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    I’ve mentioned the amazing Friend-of-the-Blog Jeff Greenstein before, and here he is again with a great idea. He suggests that I talk about the right way to open your spec pilot. Yes. This is huge — a lot of people never read past the opening, so making it as perfect as possible is crucial. Jeff says: I am a big believer that the opening line of a pilot (or the opening image, or the teaser) should be the series in microcosm.

    Yes. Exactly. I agree. I do this and I suspect many other writers do as well. In fact, Jeff is prepared to prove that they do. Here is a darn impressive list he composed:

    In the Cheers pilot, the teaser is Sam with an underage kid who’s trying to get a drink using a fake military ID. Kid says he was in the war. Sam asks what it was like. “It was gross,” the kid replies with a shudder. “Yeah, that’s what they say — war is gross,” Sam replies. The teaser gives you a sense of the place and the guy.

    The Battlestar pilot has that great opening scene with Number Six and the emissary from Earth. The scene says, “Remember those metal robots? They look like humans now. And they’re going to fucking kill you.”

    The Lost pilot starts with a close-up of an eye opening, and the aftermath of the plane crash. This show is about consciousness and strandedness and tragedy.

    Will & Grace starts with Grace in bed with her sleeping fiancĂ©, yet on the phone dishing with Will about George Clooney’s hotness. It’s the perfect encapsulation of their odd relationship.

    The Desperate Housewives teaser: In the midst of tranquil suburban splendor, Mary Alice blows her head off.

    The West Wing pilot: In a bar, talking off-the-record with a reporter, Sam Seaborn is distracted by a hot girl who’s giving him the eye. This show is about politics and sex (well, it started out that way), and the “backstage” lives of people in government.

    Wow. That’s a fantastic list. I would add the teaser of the pilot of The Wire, in which a detective gently interrogates a neighborhood kid about a senseless murder — the gross illogic of which the kid takes in stride. The series’ whole sense of an overwhelming inescapable system of crime is there in that scene.

    And the Buffy pilot teaser? Remember, it was that bit that looked like the girl was about to be munched by a vampire, but in fact SHE was the vampire? It told you to throw out your dramatic expectations, that danger could come from anywhere, and that women were going to have some power in this world. It was Buffy’s own story, but told from the vampire side first.

    Writers tend to agonize over their teasers, especially that first page, and especially if the project is a pilot. If you’ve just shrugged and started with your main character waking up in bed, then I’d suggest that you might’ve missed a really good opportunity. Think about the heart of your show — what’s the central dynamic? The central message? Is there a way to capture it in your opening sequence? Go ahead, agonize. It’s good for you and your spec.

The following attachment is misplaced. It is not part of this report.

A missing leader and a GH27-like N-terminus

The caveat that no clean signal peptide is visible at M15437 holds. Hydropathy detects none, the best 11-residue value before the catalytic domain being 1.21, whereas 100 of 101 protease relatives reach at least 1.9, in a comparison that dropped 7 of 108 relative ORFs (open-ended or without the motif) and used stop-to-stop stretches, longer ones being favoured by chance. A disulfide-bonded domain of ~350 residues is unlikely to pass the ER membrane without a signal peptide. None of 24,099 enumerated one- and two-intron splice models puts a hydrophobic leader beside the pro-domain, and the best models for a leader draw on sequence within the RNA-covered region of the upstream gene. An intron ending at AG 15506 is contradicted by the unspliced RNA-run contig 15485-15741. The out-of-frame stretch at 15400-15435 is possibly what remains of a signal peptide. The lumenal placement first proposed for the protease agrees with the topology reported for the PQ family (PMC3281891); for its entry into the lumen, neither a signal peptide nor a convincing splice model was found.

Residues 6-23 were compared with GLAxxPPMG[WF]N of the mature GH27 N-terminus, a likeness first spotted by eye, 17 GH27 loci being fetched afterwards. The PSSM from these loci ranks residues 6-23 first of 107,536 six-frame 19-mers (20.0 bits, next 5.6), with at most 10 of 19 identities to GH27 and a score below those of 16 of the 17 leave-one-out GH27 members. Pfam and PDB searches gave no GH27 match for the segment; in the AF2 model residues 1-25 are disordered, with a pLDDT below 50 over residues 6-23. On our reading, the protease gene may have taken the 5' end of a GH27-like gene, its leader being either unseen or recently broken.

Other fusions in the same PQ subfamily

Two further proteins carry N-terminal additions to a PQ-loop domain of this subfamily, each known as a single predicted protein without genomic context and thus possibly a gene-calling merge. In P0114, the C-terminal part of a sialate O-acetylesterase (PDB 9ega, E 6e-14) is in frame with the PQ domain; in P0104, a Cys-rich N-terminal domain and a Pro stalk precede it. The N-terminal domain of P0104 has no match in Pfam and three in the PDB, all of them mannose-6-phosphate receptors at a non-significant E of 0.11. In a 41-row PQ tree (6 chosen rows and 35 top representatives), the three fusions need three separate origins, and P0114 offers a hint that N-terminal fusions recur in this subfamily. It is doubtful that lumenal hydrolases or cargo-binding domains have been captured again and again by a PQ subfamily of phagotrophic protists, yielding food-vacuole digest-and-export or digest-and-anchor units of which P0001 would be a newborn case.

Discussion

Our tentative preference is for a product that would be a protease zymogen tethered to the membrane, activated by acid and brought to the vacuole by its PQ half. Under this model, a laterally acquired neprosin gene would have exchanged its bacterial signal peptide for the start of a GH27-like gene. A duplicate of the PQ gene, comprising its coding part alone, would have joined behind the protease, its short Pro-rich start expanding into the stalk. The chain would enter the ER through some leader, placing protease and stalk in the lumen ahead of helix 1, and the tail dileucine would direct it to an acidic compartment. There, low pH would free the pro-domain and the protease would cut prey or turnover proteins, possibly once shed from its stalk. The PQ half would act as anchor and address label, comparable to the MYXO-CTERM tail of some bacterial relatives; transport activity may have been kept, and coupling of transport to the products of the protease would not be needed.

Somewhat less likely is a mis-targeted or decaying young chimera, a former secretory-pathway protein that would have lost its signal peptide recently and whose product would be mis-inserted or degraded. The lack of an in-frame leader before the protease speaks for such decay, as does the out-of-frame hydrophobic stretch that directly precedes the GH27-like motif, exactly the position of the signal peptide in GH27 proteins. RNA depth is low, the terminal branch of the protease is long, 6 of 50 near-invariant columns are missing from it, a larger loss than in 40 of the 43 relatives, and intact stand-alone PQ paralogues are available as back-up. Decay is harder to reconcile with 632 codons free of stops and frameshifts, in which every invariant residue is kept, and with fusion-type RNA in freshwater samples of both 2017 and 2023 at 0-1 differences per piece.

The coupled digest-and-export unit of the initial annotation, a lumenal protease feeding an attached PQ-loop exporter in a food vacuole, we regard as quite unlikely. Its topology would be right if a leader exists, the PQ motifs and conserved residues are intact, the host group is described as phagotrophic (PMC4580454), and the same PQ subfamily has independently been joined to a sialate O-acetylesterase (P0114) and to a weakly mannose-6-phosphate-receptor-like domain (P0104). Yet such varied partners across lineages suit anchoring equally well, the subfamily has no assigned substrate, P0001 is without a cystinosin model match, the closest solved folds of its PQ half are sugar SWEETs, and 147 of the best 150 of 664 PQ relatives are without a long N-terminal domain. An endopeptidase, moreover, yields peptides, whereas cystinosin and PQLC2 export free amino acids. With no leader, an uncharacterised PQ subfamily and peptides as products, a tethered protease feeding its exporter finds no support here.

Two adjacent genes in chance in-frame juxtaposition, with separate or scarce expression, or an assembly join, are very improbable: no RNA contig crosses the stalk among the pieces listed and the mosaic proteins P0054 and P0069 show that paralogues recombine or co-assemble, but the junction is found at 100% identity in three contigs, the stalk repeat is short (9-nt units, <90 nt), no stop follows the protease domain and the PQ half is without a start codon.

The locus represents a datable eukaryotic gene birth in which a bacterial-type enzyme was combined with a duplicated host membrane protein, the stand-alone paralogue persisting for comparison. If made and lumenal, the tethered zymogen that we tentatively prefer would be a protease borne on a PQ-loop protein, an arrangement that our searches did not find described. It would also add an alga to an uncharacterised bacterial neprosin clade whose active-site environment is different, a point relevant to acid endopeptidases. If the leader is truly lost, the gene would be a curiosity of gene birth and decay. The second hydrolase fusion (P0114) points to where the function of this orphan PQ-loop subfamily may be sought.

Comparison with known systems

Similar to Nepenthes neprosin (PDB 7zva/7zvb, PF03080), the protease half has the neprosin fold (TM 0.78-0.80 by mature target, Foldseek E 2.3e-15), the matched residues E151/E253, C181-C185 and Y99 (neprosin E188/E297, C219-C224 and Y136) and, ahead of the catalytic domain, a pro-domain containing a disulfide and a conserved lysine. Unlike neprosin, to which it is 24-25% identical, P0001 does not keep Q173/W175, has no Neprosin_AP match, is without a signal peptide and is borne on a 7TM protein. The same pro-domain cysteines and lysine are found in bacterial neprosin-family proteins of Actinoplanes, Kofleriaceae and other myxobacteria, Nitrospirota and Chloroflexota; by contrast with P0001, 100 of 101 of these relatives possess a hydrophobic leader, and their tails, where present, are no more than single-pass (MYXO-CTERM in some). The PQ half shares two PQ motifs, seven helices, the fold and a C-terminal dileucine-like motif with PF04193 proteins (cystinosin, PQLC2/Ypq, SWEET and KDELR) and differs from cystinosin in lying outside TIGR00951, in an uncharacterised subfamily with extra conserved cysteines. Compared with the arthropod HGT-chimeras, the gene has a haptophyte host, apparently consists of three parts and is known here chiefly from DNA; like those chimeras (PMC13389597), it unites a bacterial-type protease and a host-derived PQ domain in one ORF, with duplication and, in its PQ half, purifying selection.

Lunch: wonton soup at Noodle Planet.

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    August 3rd, 2007Jane EspensonDrama, On Writing, Pilots, Teasers

    Eric in West Hollywood wrote in a very long time ago, with a question that I’m finally getting around to answering. He asks about the act structure for a one-hour drama. Eric:

    In your opinion are five acts a blip or a trend? If I’m writing a [spec] pilot, should I write it in four acts? And which act break is the most important?

    Ooh, those are great questions. Most hour shows seem to have gone to the five-act structure now, although the show I’m currently working on (Battlestar), is still holding to the older four-act structure. It’s hard to tell, of course, if something is a blip until it blips out, but I think this has the feel of a something more permanent. Networks like commercial breaks and they like a longer opening sequence to hook viewers, and those impulses have created the additional act. (I hear that some shows are even toying with a six-act structure, although I wonder if, in that case, maybe that first act feels a bit like a teaser and that last act like a tag.)

    The nice thing for you spec pilot writers is that the transition is still transitioning. You can choose with complete freedom whether to tell your show with four or five acts. I’d suggest that you let your story determine that. Look at how many times it turns, and number your acts accordingly.

    As to the most important act break, that’s a very interesting question. I’m going to rephrase it a bit, and ask how the four-act act breaks line up with the five-act act breaks. Traditionally, the end of act one is the moment that defines the main problem of the script — the obstacle the characters face. This should still be the end of act one, certainly not any later. The end of act three in a traditional four-act show is often the “all is lost” act break. I’d suggest that the end of act four plays this role in a five-act show, certainly you don’t want it earlier. So it’s not that you’re tacking on an extra act of set-up at the beginning, nor an extra act of resolve at the end. The new act is made out of the cloth in the middle.